Here is a second scenario: research-driven institutions will hire the philosophers with a heavy background in sciences, while teaching-driven institutions hire philosophers with more traditional training. This scenario seems to make more sense than the previous one. After all, the teaching institutions would prefer to have philosophers with the capacity to teach large portions of standard philosophical topics. In contrast, research-driven institutions want philosophers capable of attracting research funding and producing breakthroughs. Since the philosophy of science already follows the path of specialization and naturalism, the way to attract funding and produce breakthroughs would be by establishing an even closer relation with the sciences. Hence, philosophers with a strong or formal background in science would be in the spotlight, again.
But is this second scenario likely? Well, it is still very simplistic because it doesn’t take into account the histories and profiles of different research-driven institutions. Even though naturalism and specialization seem to be an overall tendency, why should we believe that most respectable research-driven institutions tend to hire philosophers of science with a strong or formal background in the sciences? What about big institutions with a profile of favoring traditional work on the philosophy of science? Is it not the case that such institutions usually have a particular research agenda? Additionally, let’s think for a second in hiring committees. Giving the heterogeneous formation of these committees, there are reasons to say that even in big research-driven institutions philosophers of science with a strong background in science will not be necessarily favored over other philosophers. Additionally, why assume that attracting funding and producing philosophical breakthroughs are easy to achieve when a philosopher of science works more closely with science nowadays? It is hard to have good answers for these questions when we only have a glimpse of what the field is like and no proper ways to do sociology and history of philosophy. This is why the scenarios I discussed look so sketchy. Hence, maybe I should stop here.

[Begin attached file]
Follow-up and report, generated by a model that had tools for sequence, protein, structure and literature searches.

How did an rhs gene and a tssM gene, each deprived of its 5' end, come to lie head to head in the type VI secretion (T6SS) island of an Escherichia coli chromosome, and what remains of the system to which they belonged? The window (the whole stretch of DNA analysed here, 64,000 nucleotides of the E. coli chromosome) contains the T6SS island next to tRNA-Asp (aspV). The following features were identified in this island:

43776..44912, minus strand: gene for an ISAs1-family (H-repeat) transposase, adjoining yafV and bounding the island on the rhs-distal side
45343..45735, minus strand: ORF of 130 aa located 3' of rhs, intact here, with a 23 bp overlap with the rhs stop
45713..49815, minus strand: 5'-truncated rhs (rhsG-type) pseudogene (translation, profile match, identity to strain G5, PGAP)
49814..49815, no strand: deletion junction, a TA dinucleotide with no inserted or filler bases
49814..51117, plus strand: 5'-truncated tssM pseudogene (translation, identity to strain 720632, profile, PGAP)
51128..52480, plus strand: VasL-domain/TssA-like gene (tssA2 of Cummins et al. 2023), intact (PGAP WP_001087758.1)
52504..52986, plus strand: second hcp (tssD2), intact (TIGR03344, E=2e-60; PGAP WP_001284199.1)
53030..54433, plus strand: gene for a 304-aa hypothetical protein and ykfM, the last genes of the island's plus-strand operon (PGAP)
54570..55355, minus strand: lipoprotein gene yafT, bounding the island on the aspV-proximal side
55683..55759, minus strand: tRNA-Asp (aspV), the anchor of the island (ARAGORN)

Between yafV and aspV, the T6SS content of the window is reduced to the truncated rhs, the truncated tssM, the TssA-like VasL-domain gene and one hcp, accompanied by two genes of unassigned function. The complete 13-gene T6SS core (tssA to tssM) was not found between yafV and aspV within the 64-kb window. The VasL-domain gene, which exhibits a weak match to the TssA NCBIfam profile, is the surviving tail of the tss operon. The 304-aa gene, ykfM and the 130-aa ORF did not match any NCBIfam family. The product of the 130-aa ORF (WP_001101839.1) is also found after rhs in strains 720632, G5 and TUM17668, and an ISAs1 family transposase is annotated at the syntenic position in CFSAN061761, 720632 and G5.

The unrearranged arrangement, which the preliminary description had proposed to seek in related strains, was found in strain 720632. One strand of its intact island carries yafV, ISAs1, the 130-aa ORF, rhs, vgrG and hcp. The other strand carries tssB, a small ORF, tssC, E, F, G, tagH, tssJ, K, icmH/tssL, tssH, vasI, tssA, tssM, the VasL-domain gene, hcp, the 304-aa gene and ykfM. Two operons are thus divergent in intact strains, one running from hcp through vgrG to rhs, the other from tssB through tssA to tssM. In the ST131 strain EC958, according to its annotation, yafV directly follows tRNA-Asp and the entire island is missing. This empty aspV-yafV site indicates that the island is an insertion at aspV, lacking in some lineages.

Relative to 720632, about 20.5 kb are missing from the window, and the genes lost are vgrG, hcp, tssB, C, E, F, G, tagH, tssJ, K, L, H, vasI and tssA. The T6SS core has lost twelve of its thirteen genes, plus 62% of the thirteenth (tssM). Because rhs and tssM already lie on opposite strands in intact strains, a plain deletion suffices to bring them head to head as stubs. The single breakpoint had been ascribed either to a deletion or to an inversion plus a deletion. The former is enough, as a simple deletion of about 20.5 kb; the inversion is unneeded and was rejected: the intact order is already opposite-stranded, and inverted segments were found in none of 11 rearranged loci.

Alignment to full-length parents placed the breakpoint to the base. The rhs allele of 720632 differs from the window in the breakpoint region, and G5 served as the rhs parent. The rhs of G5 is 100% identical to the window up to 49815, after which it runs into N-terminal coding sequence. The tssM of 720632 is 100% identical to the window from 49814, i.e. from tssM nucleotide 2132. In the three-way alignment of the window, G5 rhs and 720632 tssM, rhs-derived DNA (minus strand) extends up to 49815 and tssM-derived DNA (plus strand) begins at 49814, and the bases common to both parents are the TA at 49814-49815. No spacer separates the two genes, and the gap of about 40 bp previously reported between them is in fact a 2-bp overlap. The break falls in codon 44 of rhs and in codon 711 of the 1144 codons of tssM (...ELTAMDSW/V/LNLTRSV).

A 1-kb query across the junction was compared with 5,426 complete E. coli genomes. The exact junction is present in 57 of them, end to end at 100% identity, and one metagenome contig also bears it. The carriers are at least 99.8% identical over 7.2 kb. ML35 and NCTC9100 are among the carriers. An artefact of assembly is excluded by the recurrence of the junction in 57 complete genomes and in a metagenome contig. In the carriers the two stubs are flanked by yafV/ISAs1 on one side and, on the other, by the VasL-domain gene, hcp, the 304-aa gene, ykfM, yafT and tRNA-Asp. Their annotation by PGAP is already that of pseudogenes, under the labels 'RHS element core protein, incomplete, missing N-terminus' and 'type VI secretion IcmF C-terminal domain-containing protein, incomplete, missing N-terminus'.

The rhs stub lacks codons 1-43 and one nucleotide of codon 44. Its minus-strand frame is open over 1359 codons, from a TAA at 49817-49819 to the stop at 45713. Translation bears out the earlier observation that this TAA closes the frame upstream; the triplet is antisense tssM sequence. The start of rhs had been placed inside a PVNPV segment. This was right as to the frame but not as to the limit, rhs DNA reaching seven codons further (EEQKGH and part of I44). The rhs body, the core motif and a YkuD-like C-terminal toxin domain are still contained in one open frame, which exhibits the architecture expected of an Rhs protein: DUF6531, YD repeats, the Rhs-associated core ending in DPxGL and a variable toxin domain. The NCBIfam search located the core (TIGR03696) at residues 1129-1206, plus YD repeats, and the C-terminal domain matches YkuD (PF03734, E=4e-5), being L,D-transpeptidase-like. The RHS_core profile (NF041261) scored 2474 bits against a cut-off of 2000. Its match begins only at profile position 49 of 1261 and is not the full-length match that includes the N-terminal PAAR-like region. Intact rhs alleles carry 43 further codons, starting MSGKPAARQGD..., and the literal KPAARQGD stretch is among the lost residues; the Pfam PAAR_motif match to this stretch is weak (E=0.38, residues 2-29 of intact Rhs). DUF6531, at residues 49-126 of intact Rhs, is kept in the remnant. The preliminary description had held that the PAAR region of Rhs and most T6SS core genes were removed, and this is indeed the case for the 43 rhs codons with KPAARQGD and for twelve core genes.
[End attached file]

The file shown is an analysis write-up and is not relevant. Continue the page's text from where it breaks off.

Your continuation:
All these questions and scenarios pop up in my head as I try to do futurology. As far as specialization and naturalism go, I can’t help but think that the future belongs to scientist-philosophers. These are the well-trained science students who become philosophers. However, the future also has room for philosopher-scientists, i.e., those philosophers who will be able to connect with scientists and get strong scientific training along with their philosophical education. They don’t become scientists (well, some even do!) but they find in the scientific community a suitable host for academic parasitism and mutualism. Of course, scientist-philosophers and philosopher-scientists face different challenges: the former needs to minimally catch up with certain portions of the philosophical tradition, while the latter needs (not minimally, but strongly) catch up with science. But what about a third figure, the philosopher-philosopher? These are the philosophers of science without much scientific training but still very sharp analytical skills. They contribute to the philosophy of science mostly by doing conceptual analysis. Is this figure going extinct in the future? Does the increase of scientists philosophers lead to the decrease of philosophers philosophers? Can this increase also lead to the decrease of philosophers scientists? You tell me!